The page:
where Nt denotes the number of rms in period t. In each period t, the estimated crosssectional distribution of idiosyncratic shocks corresponds to the histogram of estimated it 's, where it = ^it + hit,1  , t : ^ z ^ We turn rst to aggregate shocks. The two panels of Figure 8 show the growth rate of aggregate inventories and the estimated time series of aggregate shocks for the durable and nondurable goods sectors. The aggregate shocks in both sectors are positively correlated with the sector-speci c aggregate inventory growth rate; the correlation between the two series is 0.66 for the durable goods industries and 0.42 for the nondurable goods industries. Note that aggregate inventory investment in both sectors was subject to a sequence of large negative aggregate shocks during the recessions of the 1980s, indicating that aggregate shocks are a major factor behind economy-wide inventory uctuations. Nevertheless, the correlation is far from perfect, suggesting that idiosyncratic shocks have a signi cant e ect on aggregate inventory movements. The two panels in Figure 9 show the time path of the standard deviation and skewness of the cross-sectional distribution of idiosyncratic shocks. Recall that, by de nition, the cross-sectional mean of idiosyncratic shocks is zero for all t. In both the durable and nondurable goods sectors, the idiosyncratic shocks exhibit substantial dispersion and skewness; moreover, both moments display considerable temporal variation. In particular, note that the skewness coe cient in both sectors was relatively large and negative during the economic turmoil of the late 1970s and early 1980s. This evidence indicates that the impact of the negative aggregate shocks on inventory investment during this period was augmented by a greater than average number of negative idiosyncratic shocks, a pattern consistent with the particularly acute inventory disinvestment during the 1981-82 recession; see Kashyap, Lamont, and Stein 1994 for a case study of the 1981-82 recession. 20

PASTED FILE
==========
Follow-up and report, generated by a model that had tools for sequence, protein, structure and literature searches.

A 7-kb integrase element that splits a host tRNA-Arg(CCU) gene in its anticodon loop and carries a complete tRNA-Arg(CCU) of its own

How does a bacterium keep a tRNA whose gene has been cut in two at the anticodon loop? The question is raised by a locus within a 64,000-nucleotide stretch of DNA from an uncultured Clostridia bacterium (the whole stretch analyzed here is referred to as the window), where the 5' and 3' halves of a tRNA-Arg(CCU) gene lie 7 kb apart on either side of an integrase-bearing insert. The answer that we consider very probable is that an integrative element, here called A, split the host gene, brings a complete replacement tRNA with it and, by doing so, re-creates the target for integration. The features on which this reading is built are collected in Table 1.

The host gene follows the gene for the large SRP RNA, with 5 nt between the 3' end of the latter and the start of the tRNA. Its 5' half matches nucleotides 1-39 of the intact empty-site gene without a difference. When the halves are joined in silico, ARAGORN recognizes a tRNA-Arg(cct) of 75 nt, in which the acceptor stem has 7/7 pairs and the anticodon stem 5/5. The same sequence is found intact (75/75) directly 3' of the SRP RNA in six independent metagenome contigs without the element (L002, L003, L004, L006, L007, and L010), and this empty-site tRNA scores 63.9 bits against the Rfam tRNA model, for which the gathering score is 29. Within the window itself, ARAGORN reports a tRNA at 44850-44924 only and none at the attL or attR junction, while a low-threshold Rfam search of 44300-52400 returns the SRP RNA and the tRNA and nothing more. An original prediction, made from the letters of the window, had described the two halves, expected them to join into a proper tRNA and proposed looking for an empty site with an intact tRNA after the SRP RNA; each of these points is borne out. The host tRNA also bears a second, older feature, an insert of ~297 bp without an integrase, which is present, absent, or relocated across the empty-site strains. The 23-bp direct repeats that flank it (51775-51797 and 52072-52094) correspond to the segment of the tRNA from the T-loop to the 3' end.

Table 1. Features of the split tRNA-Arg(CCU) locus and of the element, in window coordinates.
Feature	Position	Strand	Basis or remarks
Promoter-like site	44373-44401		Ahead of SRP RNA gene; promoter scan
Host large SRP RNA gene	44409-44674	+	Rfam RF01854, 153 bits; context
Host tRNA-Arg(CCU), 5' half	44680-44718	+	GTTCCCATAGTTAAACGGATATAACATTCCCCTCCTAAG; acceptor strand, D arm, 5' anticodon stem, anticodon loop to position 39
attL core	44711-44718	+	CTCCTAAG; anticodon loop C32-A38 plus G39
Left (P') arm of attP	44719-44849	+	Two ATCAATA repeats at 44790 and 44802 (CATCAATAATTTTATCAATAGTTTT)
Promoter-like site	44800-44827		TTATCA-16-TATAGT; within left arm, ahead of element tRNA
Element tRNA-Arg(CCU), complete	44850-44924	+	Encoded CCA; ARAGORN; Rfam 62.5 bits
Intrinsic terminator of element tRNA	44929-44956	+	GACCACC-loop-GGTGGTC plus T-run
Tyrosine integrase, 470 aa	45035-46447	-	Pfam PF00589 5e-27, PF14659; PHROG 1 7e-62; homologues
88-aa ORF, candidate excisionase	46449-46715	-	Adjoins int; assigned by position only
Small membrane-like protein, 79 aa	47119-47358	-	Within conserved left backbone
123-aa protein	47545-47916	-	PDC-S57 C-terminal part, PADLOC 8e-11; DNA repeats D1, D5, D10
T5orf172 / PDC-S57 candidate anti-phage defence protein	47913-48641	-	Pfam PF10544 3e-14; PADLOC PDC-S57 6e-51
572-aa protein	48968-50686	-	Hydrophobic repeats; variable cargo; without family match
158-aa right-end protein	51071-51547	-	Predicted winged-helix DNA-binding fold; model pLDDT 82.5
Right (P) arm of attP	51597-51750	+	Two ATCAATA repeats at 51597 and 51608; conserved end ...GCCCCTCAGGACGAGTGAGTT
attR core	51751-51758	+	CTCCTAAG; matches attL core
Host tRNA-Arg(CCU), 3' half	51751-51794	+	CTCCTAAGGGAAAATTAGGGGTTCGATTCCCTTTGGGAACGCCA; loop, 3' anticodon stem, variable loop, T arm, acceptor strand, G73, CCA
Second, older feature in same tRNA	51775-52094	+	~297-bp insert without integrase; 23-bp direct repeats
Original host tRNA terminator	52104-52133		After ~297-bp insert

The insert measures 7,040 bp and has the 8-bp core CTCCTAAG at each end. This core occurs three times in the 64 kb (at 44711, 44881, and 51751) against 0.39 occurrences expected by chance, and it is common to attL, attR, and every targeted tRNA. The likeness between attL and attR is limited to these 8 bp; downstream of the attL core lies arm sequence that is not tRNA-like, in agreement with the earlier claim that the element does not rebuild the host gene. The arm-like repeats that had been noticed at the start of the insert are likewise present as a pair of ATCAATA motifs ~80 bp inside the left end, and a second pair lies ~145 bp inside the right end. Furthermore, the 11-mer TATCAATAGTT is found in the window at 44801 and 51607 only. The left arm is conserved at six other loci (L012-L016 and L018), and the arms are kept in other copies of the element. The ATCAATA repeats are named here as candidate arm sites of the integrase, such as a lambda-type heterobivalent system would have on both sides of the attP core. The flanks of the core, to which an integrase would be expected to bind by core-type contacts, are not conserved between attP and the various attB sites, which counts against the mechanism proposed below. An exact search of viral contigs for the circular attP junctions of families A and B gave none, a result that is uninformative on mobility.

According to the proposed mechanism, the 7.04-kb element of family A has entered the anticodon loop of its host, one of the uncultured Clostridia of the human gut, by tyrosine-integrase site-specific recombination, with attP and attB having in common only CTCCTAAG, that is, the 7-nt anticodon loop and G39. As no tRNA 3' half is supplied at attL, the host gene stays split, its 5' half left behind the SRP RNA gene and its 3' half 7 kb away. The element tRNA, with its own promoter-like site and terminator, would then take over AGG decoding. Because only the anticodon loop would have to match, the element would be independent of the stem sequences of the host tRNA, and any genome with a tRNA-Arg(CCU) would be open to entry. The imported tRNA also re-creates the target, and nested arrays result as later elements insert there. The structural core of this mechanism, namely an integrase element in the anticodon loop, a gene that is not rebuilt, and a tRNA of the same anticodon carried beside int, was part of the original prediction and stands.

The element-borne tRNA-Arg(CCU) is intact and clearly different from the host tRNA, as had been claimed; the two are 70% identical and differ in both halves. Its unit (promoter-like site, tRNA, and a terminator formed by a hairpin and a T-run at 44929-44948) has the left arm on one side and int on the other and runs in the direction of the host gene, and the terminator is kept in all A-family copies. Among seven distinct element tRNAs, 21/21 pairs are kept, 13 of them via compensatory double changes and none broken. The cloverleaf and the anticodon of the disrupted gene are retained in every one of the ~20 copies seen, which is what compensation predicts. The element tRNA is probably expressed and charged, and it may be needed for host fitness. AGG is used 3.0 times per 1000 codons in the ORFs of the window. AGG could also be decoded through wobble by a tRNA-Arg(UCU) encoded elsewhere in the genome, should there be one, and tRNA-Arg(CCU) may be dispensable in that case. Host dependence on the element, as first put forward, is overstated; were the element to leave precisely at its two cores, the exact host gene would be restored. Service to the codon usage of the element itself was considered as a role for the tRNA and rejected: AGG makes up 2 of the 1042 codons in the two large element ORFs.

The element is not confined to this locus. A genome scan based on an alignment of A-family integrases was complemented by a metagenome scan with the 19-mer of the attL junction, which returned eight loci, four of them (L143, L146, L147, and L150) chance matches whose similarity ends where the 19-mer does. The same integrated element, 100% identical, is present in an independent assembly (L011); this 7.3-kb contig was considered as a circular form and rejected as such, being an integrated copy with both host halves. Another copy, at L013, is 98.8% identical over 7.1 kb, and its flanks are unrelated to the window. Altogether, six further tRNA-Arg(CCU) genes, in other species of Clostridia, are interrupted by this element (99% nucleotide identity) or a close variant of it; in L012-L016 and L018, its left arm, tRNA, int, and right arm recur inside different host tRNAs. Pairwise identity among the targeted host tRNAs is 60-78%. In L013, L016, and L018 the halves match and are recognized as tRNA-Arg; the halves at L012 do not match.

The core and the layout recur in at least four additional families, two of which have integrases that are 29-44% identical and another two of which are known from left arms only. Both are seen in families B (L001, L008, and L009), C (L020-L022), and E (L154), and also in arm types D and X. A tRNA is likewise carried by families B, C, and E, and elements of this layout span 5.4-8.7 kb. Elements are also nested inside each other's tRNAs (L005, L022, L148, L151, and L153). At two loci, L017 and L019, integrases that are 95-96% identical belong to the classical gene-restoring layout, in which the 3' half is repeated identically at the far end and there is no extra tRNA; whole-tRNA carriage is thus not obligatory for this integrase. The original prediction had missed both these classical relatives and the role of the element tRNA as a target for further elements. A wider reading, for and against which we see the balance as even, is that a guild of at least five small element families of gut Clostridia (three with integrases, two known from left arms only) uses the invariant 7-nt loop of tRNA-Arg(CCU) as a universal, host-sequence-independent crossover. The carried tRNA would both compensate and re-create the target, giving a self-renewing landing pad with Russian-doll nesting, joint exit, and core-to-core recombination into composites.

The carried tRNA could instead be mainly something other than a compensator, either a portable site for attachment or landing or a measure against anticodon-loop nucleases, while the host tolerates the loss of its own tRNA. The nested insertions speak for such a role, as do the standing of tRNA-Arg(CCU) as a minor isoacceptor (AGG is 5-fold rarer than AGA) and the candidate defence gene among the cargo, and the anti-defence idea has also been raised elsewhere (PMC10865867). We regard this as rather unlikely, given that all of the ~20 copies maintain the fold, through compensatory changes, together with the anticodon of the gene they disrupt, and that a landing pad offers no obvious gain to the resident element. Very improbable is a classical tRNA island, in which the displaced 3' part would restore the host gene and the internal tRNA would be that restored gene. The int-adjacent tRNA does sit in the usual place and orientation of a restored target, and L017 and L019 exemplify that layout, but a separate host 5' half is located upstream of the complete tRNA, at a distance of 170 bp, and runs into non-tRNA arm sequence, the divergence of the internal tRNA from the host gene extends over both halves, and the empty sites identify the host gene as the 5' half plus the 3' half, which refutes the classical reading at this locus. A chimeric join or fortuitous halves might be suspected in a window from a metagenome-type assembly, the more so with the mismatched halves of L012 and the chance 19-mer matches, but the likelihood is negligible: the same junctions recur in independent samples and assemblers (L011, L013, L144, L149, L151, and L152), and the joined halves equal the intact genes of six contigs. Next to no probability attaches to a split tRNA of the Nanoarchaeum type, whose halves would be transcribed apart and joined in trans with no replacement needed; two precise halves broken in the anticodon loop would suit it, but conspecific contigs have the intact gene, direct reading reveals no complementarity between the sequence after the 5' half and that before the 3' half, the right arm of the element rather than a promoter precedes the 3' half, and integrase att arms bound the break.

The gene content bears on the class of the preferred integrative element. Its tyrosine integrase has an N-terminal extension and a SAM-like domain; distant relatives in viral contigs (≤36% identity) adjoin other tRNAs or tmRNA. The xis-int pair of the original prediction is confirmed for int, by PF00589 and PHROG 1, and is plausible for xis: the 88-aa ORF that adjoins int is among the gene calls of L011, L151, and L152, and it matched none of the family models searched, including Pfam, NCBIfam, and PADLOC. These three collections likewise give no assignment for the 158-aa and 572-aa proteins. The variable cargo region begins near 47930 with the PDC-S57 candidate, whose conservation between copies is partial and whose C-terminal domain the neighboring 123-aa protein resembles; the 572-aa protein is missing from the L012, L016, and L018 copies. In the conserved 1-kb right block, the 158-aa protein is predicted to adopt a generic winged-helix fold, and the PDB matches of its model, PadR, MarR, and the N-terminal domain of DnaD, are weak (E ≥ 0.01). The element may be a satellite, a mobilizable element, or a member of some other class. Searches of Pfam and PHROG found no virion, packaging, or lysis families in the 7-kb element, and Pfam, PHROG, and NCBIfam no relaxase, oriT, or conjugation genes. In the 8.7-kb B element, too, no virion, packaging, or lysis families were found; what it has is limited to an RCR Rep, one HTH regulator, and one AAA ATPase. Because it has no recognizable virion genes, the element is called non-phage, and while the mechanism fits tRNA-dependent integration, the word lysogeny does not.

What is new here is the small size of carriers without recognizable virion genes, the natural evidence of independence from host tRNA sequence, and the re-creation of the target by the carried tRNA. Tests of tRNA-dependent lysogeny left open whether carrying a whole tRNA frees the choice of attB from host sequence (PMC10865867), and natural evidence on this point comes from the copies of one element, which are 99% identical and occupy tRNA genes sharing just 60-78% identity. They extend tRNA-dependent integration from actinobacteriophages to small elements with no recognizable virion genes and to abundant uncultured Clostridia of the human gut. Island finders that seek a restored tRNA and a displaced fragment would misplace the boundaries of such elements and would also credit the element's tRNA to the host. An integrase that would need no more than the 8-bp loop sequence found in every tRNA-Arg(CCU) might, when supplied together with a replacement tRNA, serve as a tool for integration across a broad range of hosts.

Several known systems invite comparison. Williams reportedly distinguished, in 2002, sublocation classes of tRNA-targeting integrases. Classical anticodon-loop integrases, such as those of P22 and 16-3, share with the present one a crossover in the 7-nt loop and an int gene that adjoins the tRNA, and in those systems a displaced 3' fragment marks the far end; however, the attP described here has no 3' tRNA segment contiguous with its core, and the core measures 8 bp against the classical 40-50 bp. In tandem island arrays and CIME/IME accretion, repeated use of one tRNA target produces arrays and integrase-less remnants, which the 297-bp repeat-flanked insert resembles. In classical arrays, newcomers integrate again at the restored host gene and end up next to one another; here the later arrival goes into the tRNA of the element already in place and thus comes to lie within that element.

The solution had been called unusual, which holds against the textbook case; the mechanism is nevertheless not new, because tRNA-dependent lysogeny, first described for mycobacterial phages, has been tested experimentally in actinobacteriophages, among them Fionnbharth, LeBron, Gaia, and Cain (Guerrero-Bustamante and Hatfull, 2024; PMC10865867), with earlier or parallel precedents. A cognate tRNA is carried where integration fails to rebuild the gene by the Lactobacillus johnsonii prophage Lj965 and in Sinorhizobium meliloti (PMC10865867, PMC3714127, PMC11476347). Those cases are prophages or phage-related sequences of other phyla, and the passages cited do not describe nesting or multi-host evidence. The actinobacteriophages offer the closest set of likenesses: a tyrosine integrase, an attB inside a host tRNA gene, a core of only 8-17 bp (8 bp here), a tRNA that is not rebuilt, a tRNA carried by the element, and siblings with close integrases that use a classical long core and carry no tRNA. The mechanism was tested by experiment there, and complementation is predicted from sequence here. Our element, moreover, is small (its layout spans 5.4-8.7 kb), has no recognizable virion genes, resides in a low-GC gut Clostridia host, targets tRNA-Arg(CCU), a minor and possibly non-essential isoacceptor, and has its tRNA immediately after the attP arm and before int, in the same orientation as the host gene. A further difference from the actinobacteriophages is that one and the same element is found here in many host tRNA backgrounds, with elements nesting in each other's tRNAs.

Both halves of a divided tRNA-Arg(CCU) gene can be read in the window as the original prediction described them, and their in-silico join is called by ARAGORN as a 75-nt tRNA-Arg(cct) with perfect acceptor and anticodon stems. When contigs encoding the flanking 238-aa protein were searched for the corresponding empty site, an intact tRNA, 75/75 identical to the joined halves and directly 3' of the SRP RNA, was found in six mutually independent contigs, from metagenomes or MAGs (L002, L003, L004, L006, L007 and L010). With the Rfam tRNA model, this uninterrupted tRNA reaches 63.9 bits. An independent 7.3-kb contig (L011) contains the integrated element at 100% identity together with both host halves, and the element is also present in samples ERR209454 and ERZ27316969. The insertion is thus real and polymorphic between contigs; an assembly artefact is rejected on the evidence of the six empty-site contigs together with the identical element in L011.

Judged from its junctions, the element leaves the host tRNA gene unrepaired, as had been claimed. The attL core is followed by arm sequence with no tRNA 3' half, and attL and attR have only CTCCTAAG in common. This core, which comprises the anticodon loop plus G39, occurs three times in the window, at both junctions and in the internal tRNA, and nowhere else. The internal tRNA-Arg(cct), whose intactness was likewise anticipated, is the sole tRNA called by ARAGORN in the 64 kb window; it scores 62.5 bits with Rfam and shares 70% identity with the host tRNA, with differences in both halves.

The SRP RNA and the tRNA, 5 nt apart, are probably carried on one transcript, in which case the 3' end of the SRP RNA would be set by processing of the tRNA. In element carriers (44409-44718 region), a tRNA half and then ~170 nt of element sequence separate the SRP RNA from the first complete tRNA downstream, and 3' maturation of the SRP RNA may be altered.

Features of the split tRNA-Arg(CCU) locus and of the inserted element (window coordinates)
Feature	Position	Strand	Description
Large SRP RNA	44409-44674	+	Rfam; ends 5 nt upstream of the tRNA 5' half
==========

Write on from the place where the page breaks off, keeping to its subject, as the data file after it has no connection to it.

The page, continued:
6 Conclusion
In this paper, we have examined inventory adjustment in the U.S. manufacturing sector, using a long panel of high-frequency rm-level data. Our theoretical framework is based on the generalized S; s methodology developed by Caballero, Engel, and Haltiwanger. The major advantage of our approach is that we are able to model explicitly the underlying microeconomic heterogeneity in the inventory adjustment process, while allowing for general nonconvexities in the production technology. A key result of our paper is that the estimated inventory adjustment function is nonlinear and asymmetric. The nonlinearity of the adjustment function is re ected in the fact that rms with larger absolute deviations from optimal inventory levels adjust proportionally more than do rms with smaller deviations. This nding implies rm-level inventory adjustment consistent with the use of generalized S; s type inventory policies, owing to the presence of nonconvexities in the production technology. The asymmetric shape of the inventory adjustment function implies that rms with small to moderately sized inventory overhangs adjust less than do rms with similarly sized inventory shortages. This asymmetry could re ect an additional stockout avoidance motive not captured by our model. Alternatively, the asymmetry, which is particularly pronounced in the durable goods sector, could be indicative of technological and or market irreversibilities in the inventory adjustment process. The inventory adjustment process appears to di er signi cantly between recessions and expansions. The cyclical shifts in the estimated inventory adjustment function indicate that rms with excess inventories disinvest more during recessions than they do during expansions. Such macroeconomic state-dependence in S; s inventory policies would be consistent with reductions in the inventory target levels, owing to increased demand uncertainty or adverse cost shocks. Outside of such cyclical shifts, the inventory adjustment process appears to have been relatively stable during our sample period. The estimated adjustment function during the 1980s is very similar to the adjustment function during the 1990s. In contrast, the average optimal inventory-sales ratio has declined signi cantly during our sample period, particularly in the durable goods sector. These results suggest that despite lower inventory target levels, the adoption of better inventory control methods have had little e ect on the adjustment process. Our conjecture is that recent inventory control innovations have a ected relative stockout costs but not the adjustment cost structure. However, additional research into the effects of inventory control innovations on both margins of rm inventory behavior is needed to resolve this dichotomy more fully. Such research may also provide more information 21